Key To The Highway, Chapter 9: For Love Of Voodoo

In my second full year, my music began to take on a somewhat mystical – magical – quality. It was almost as if I could weave spells with sound. Musical voodoo.

Drum rhythms, unique to me, formed from the fusion of African, Native, and Caribbean sounds. Complex and mesmerizing, they wove an underlying pattern beneath the harmonies of the melodies that built the sound. All three cohered well. 

My guitar style, an eclectic mix of styles already being used in all the bands. Swampdog blues, a Cajun blues-rock style, was slightly more complex than the blues from which it had grown. Creole shaman’s blues, a mix of zydeco, voodoo drum rhythms, and blues, was just as complex…and a sight more psychedelic. Atomic blues, a blistering metallic blues, was darker and even more complex and fed off Native rhythms. Midnight blues, also a Native form of blues, was slightly less complex. Smokehouse blues was a wild raucous style that spoke of naughtiness. While, psychedelic blues was just that…a remnant of 1960s psychedelia that just happened to be more blues than anything else.

I combined them all into a sound unique to me. Voodoo blues. And I became the ‘master mage’, weaving my spells through my guitar. Or so it was claimed. 

My music was just the language of my soul. I had never intended it to weave anything. Except maybe a story. My story.

And a beautiful story it was. At least, in the beginning. Just a boy and his instruments. 

But Cajun, Creole, and Native sounds weren’t the only influences on my music. There was the Spanish, South and Central American, and the Romany…not to mention the Klezmer music of my Jewish friends who thought I was the bomb. In many ways, my style was a musical gumbo of everything I came into contact with.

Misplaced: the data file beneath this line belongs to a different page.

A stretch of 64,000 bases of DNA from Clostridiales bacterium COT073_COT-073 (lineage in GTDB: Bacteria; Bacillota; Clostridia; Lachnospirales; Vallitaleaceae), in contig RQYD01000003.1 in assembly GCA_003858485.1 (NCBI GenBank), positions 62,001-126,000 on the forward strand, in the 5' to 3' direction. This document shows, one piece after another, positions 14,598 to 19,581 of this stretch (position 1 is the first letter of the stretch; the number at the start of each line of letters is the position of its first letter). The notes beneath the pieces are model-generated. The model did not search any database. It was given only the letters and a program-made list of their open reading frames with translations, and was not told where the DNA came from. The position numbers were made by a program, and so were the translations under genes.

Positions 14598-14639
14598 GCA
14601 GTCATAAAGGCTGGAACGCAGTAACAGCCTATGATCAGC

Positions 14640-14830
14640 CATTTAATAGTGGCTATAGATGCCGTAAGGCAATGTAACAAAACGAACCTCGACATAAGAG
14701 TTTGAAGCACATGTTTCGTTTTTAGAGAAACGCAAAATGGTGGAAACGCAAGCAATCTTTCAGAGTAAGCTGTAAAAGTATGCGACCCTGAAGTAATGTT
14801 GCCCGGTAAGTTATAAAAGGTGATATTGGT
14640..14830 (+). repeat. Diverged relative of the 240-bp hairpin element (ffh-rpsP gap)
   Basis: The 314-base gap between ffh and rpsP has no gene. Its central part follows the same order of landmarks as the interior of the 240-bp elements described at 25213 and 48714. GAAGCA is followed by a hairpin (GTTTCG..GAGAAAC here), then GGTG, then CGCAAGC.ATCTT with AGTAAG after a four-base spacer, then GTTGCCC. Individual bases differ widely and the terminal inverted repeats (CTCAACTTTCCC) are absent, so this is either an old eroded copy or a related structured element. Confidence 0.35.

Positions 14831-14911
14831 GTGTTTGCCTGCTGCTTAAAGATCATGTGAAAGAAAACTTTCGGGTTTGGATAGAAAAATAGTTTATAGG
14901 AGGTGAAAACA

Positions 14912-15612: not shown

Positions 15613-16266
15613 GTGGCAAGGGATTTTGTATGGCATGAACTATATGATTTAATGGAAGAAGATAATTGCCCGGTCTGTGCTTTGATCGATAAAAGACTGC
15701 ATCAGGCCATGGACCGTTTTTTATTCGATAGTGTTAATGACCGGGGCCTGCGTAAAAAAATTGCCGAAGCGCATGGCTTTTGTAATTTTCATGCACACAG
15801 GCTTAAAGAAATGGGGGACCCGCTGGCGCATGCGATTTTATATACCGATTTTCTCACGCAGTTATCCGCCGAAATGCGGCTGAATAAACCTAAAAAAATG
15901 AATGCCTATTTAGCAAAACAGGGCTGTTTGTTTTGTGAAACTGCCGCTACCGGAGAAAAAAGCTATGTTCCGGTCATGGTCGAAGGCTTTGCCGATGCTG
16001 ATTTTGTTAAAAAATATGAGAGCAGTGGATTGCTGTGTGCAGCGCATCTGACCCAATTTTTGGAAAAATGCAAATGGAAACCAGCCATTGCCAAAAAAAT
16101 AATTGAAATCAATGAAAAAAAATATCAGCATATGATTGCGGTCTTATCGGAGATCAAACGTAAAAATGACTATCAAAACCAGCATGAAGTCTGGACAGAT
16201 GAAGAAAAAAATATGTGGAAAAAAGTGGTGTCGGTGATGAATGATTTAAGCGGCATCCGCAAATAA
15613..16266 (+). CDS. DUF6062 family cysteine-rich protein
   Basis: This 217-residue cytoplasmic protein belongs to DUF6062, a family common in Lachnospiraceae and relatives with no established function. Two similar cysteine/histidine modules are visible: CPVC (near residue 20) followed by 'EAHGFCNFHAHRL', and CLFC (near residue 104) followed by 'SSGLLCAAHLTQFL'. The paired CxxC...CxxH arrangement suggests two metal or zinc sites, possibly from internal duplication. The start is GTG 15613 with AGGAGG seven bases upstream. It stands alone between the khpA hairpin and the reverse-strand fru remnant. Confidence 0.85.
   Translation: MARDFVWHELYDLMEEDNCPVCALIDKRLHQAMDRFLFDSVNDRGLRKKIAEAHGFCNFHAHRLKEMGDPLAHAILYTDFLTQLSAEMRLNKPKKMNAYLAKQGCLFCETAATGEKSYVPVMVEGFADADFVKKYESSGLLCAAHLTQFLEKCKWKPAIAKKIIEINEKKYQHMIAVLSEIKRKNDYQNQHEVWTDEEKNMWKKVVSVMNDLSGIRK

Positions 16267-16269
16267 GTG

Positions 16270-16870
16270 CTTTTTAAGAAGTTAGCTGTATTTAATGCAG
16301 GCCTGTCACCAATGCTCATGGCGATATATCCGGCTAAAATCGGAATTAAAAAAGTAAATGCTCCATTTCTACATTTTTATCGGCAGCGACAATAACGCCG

I suppose it was this fact that made it so magical. So hypnotizing. Spellbinding. 

At the same time, I was learning the finer points of the Voodoo religion. The nature. The concepts of magic. Its links to music, art, and nature. 

And the concept filtered into my music. Causing it to become even deeper. Even more magical.


Kisa w’ap fè?” Mama Tibideau inquired. (what are you doing?)

“jwe ak konsèp,” I replied. (playing with a concept)

“…ak majik?” She peered at me over her spectacles. (…and magic?)

“Wi,” I replied simply, “gaye zèl mwen yo.” (yes. Spreading my wings)

“Don’ know what I’m gon’ do wit’ you, Chile,” she giggled, “you be natural at it all. It jus’ flows from you. Like life itself desires you to cast a spell.”

“Wi, manman,” I replied. (Yes, mama)

“You gon be a formidable man o’ wisdom when you get older,” her thick Haitian Creole accent was both comforting and stern at the same time, “would hate t’ be de one who gets on yer bad side when you become a man. I have never seen such a chile, not one dat was a perfect union of body and soul and in such complete control of their abilities. My, my.”